EverQuest is a massively multi-player, persistent world role playing game. Here is what that all means:
|“massively multi-player”: You don’t play this game alone. You have to connect to a server somewhere on the Internet, where thousands of other people can be met. Literally: thousands. In the case of EverQuest, there are multiple servers (thirty or so), and somewhere around 1500-2000 people on each server. You interact with these people, usually in a friendly way.
|“persistent world”: Unlike most computer games you may have played in the past, the game doesn’t stop when you exit. Remember, there are thousands of people on the server: it wouldn’t make much sense if they shut the whole thing down when you left for the day, would it? So, while you sleep or whatever it is you do when you exit EverQuest, other people are still exploring and wandering around. Things can change while you are away.
|“role playing game”: This one is often the most controversial to explain, so I’ll stick to the facts. When you play EverQuest, you are not “you”: you create and play a character, who may be nothing like the real you. In Norrath (the fictional world where EverQuest takes place), there are no computer architects or airline pilots. Instead, there are warriors, clerics, wizards, and enchanters. You will be one of them. Unlike in real life, you will be encouraged to carry dangerous weapons and kill your enemies. Your enemies will often not be humans or normal animals: Goblins, Gnolls, giant spiders, and others will attack you, and you will defend yourself and further the causes your character believes in.
EverQuest is also a first person graphical game. If you have ever played Quake, Doom, or Tomb Raider, you have the basic idea of what the world will look like. Your character will have a fairly unique appearance, particularly once you have played them over time and acquired some of the less common gear(armour and the like). The graphics are good, and at times border on the sublime: the sunsets, for example, are truly beautiful.
The fictional world your character adventures in, Norrath, is huge. There are three main continents: Odus, Antonica, and Faydwer. The larger two, Antonica and Faydwer, can take a good hour of real time to run across.
How do you get started?
I should also explain a bit about what you need to enter the world of Norrath. I’ll just be giving you the “30,000 foot” view: summary, not detail. For
details, legalese, and the like, see EverQuest’s home page.
First, you need a computer. It has to be a decent IBM compatible machine. A 266 MHz Pentium II with several hundred megabytes of disk storage and 32 MB of RAM is sort of a minimum. The trickiest part for some people is that you also need a DirectX-compatible or 3DFX 3D Graphics accelerator. A good sound card, particularly one that supports 3D sound effects, is also very important. Of course, you also need an active, functioning Internet connection. This consists of an account with an Internet service provider (E.G.: Telus, Earthlink, AT&T), and some kind of connection device: for most people this is a modem. AOL may work, but from my observations it is not the best choice as they do not support normal dial up networking. From personal experience, an ordinary 28.8 kb/s modem works just fine: EverQuest is very efficient and does not require a high speed (E.G.: ADSL or Cable modem) link to work effectively.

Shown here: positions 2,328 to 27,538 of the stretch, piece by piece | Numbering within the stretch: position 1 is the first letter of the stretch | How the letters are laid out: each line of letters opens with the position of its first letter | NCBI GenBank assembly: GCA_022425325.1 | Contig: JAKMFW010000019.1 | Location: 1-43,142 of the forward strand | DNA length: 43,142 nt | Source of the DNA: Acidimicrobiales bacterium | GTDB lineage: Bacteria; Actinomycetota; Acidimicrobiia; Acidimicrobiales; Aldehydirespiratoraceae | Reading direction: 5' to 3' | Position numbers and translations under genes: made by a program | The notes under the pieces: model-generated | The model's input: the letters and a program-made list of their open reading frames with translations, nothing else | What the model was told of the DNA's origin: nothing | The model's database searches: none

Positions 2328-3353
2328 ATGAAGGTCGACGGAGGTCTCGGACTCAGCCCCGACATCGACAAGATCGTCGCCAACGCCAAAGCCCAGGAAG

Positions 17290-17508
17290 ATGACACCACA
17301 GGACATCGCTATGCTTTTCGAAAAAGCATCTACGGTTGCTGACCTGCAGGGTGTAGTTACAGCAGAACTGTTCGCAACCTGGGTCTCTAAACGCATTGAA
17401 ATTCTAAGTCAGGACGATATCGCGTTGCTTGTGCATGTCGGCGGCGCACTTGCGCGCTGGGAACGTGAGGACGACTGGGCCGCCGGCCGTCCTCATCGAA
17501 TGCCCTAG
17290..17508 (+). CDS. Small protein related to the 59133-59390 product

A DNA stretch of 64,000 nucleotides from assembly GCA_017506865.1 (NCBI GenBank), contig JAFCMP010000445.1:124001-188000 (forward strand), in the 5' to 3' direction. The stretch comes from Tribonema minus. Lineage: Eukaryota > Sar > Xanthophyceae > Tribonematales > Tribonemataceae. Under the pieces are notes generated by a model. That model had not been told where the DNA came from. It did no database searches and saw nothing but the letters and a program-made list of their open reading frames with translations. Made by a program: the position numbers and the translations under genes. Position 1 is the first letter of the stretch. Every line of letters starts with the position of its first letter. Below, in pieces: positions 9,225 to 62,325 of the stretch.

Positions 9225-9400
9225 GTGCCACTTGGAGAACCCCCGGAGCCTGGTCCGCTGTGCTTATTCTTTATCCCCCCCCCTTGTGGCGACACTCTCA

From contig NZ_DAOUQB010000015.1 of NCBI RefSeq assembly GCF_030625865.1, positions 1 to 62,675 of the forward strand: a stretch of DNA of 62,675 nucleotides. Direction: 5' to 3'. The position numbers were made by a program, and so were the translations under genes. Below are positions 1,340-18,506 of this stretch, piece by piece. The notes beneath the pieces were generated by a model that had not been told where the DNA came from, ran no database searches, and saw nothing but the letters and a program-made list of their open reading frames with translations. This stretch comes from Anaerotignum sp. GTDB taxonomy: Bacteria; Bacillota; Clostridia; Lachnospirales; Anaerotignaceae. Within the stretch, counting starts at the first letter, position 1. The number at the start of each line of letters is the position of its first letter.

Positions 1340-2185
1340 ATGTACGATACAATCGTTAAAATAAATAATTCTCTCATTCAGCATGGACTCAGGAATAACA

To get started, you buy a piece of software that allows you to connect to game servers on the Internet. This is the “game” that you purchase just like any other computer game at a store like CompuSmart or Future Shop. However, you won’t be able to play without two additional things: an internet account (see above) and an account on the EverQuest game servers. Naturally, you pay a fee for your internet access: you are used to that. But to play EverQuest, you will also have to pay for an account with them. This costs about $9.95 in U.S. money, and you get a bit of a discount if you pay for three or six months in advance. You get one free month of access time with your copy of the game.
Expensive, you say? Well, think of it this way. An average $60 computer game lasts me for about sixty to one hundred hours before I get bored of it. I have
played something in excess of 250 hours on EverQuest so far. That has cost me the $60 for the game, and three months of access time (or about $45 Canadian). $105 total for 250 hours worth of fun, versus $60 for 100 hours worth of fun. I no longer have either the time or the inclination to buy much in the way of other games. If you normally play a lot of computer games and get hooked by EQ, it can be quite cost effective.
First, I would encourage you to do some research before you jump in. All I have done here is described some of the basics. Read some of the materials on the EverQuest home page, and follow some of my EverQuest related links.
Second, consider what kind of person and gamer you are. Assuming you meet all the technical requirements that were described at a high level above, consider the following personality profiles and comments:
|PROBABLY SHOULD NOT PLAY EVERQUEST- The following comments sound like they match your perceptions:
|SHOULD CONSIDER EVERQUEST- The following comments sound like they fit for you:
EverQuest is not all sweetness and light. Playing alone (“soloing”) can be done, but it is usually more fun to find a group. But what happens if you can’t find a suitable group? Just like in real life, some people in Norrath are no fun to be with. And sometimes EQ can be repetitive and frustrating: you might spend eight
hours waiting for a particular monster to put in an appearance, only to slay him and find out he isn’t carrying the fancy item you want.
But, EQ is fun for me, and about 200,000 other people who spend an average of four or five hours a day on line. Hopefully this little explanation gives you some insight into what it is all about.